Can what you eat reduce your risk of liver cancer?
Liver cancer is the seventh leading cause of cancer deaths in Australia and unfortunately, it’s on the rise. A team of IPAN-led researchers asked the question: how important is diet in preventing liver cancer?
We know that factors such as excessive alcohol consumption, tobacco smoking, fatty liver disease and liver damage from hepatitis B and C infections can increase the risk of liver cancer. We also know that generally, a healthy diet may play a preventative role against some cancers, while a poor diet can increase the risk of other cancers.
A team of dietetics students led by Dr Elena George, Lecturer in Nutrition and Dietetics at the Institute for Physical Activity and Nutrition (IPAN), Deakin University, wanted to find out more about liver cancer – in particular, is diet important?
Their systematic review has helped answer this question.
The team found that dietary patterns, including the Mediterranean diet, may protect against liver cancer. The Mediterranean diet is a plant-based diet rich in whole foods such as vegetables, fruits, wholegrains, legumes, extra-virgin olive oil, fish and fermented dairy, including yoghurt and cheese.
Eating according to the Chinese and US dietary guidelines, measured with the ‘Chinese Healthy Eating Index’ and the ‘Healthy Eating Index-2015’ respectively, was also associated with a lower risk of liver cancer.
“Both dietary patterns encourage the consumption of a variety of foods including vegetables, fruits, wholegrains, dairy and lean protein such as fish, poultry, eggs and meat. They also encourage avoiding salt, oil, sugar and alcohol,” Dr George explained.
A summary of dietary patterns, foods and nutrients and their associated risk of liver cancer can be seen in the image below.
Above: Summary of dietary patterns, foods and nutrients and their associated risk of liver cancer
We all know that vegetables are important for our health. So it may not come as a surprise that a diet rich in vegetables was also found to reduce liver cancer risk. What was surprising, however, is that fruit consumption did not show any effect on liver cancer risk.
Anna Broughton, Accredited Practicing Dietitian and recent Deakin graduate, said the review aligned with dietary recommendations that we should stay away from processed (salami, sausages) and red meat, which may increase risk of liver cancer.
“However, white meat, such as chicken and fish, and meat alternatives like tofu, were associated with a decreased risk of liver cancer,” Ms Broughton said.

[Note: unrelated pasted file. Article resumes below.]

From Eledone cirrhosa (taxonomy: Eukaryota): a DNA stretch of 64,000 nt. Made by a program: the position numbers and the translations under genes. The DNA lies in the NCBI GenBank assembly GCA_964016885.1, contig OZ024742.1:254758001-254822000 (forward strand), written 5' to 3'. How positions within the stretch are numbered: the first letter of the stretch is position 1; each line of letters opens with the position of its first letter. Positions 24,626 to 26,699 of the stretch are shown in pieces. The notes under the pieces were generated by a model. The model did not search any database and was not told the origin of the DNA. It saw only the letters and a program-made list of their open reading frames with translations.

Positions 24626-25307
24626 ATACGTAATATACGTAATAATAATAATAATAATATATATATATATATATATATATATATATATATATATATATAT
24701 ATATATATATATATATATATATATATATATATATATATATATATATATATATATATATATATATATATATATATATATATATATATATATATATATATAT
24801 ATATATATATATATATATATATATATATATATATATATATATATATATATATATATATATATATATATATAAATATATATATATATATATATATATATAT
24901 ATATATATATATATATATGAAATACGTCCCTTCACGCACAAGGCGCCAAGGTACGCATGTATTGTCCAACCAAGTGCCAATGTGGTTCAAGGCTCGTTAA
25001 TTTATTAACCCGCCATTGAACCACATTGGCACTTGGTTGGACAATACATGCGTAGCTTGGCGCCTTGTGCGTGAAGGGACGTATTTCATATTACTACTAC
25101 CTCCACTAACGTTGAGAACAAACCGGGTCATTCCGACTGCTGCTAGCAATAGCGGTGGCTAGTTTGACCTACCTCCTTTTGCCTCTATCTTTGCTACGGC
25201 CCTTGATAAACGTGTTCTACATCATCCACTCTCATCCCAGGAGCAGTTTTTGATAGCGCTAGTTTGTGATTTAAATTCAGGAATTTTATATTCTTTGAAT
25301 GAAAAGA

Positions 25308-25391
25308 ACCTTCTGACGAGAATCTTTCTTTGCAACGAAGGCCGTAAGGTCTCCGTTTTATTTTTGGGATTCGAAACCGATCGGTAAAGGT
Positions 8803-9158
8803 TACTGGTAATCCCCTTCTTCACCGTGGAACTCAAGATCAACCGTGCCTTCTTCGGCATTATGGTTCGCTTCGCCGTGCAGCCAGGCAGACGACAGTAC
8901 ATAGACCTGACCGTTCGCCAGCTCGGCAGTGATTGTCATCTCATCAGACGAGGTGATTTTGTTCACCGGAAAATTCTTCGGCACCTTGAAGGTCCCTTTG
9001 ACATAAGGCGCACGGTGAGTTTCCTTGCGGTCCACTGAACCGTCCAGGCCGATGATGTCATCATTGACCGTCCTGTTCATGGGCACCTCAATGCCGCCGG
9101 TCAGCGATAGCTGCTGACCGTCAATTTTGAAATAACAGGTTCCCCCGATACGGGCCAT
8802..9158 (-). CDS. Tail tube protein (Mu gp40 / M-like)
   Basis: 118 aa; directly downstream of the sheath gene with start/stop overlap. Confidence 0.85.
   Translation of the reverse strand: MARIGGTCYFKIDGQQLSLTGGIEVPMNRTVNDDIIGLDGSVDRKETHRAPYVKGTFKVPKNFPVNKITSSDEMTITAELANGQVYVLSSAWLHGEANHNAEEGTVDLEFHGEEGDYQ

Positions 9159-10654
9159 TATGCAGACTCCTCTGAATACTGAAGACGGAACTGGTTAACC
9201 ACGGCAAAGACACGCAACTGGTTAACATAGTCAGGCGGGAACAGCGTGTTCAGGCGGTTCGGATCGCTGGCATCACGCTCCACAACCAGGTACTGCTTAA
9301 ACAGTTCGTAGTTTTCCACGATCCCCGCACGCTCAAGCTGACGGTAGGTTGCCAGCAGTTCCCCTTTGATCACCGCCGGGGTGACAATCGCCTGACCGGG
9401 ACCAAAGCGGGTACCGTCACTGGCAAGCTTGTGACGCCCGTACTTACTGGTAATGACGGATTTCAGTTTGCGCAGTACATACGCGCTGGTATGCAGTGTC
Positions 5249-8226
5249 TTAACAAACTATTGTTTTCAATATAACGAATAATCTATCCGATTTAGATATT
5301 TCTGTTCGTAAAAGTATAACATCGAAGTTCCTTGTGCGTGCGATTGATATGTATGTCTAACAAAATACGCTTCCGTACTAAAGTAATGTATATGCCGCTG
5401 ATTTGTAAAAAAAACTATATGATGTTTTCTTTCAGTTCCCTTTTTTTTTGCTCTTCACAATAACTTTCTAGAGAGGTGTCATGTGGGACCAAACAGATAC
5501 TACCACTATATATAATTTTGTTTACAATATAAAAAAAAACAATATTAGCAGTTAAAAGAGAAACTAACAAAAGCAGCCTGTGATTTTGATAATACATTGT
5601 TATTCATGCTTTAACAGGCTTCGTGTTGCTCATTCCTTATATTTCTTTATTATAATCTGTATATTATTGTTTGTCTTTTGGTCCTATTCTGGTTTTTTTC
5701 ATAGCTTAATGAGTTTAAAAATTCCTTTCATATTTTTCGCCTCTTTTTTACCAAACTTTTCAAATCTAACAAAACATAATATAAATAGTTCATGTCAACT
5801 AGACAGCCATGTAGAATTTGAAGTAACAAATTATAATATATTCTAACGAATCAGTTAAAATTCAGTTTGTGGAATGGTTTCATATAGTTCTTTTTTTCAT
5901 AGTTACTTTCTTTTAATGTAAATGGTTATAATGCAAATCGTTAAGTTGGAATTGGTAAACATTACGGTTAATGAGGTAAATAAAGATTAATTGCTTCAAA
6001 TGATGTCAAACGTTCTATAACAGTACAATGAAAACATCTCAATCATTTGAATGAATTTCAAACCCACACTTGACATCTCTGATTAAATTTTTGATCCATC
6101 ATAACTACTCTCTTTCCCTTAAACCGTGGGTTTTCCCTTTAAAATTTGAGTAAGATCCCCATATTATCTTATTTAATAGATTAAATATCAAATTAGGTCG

She said the jury was still out for dairy, as studies showed mixed results regarding the impact dairy foods have on liver cancer risk. However, it seems that steering away from high fat options like butter may be a good idea, whereas yogurt may be protective.
Dr George said coffee consumption was actually associated with a reduced risk of liver cancer, with those who drank coffee daily found to have a 51% lower risk compared with those who did not drink coffee at all.
But when it came to soft drinks (sugar-sweetened beverages), the evidence is clear. People who drank more than six serves of soft drinks per week (less than one per day) had a significantly higher risk of liver cancer compared to those who did not drink any soft drinks.
The bottom line?
Dr George said eating well is important when it comes to health overall, and eating to prevent liver cancer is no exception. Following dietary patterns such as the Mediterranean Diet and national dietary guidelines like the US and Chinese dietary guidelines seem to be protective.
“These dietary patterns all recommend eating a diet rich in whole foods, especially vegetables, wholegrains, legumes, fish, poultry,” she said.
“Best of all, we can still enjoy our coffee!”
Dr Elena George is an Accredited Practising Dietitian, Lecturer in Nutrition and Dietetics and early career researcher at Deakin University. Elena is interested in translational research, in particular enhancing evidence-based practice in dietetics through research. Her interests are in development and delivery of dietary interventions (Mediterranean diet) for the prevention and management of chronic diseases (type 2 diabetes, non-alcoholic fatty liver disease, metabolic syndrome and cardiovascular disease). Elena has experience as a clinician running her own successful private practice and as a research dietitian in tertiary hospitals.
Anna Broughton is an Accredited Practising Dietitian and recent graduate from Deakin University. Anna is currently employed as an NDIS dietitian in Geelong, working with children and adults with disability to help increase their independence and support them in achieving their goals. Anna has a special interest in many areas of nutrition and dietetics including population and community nutrition, oncology, clinical dietetics, disability support and paediatrics.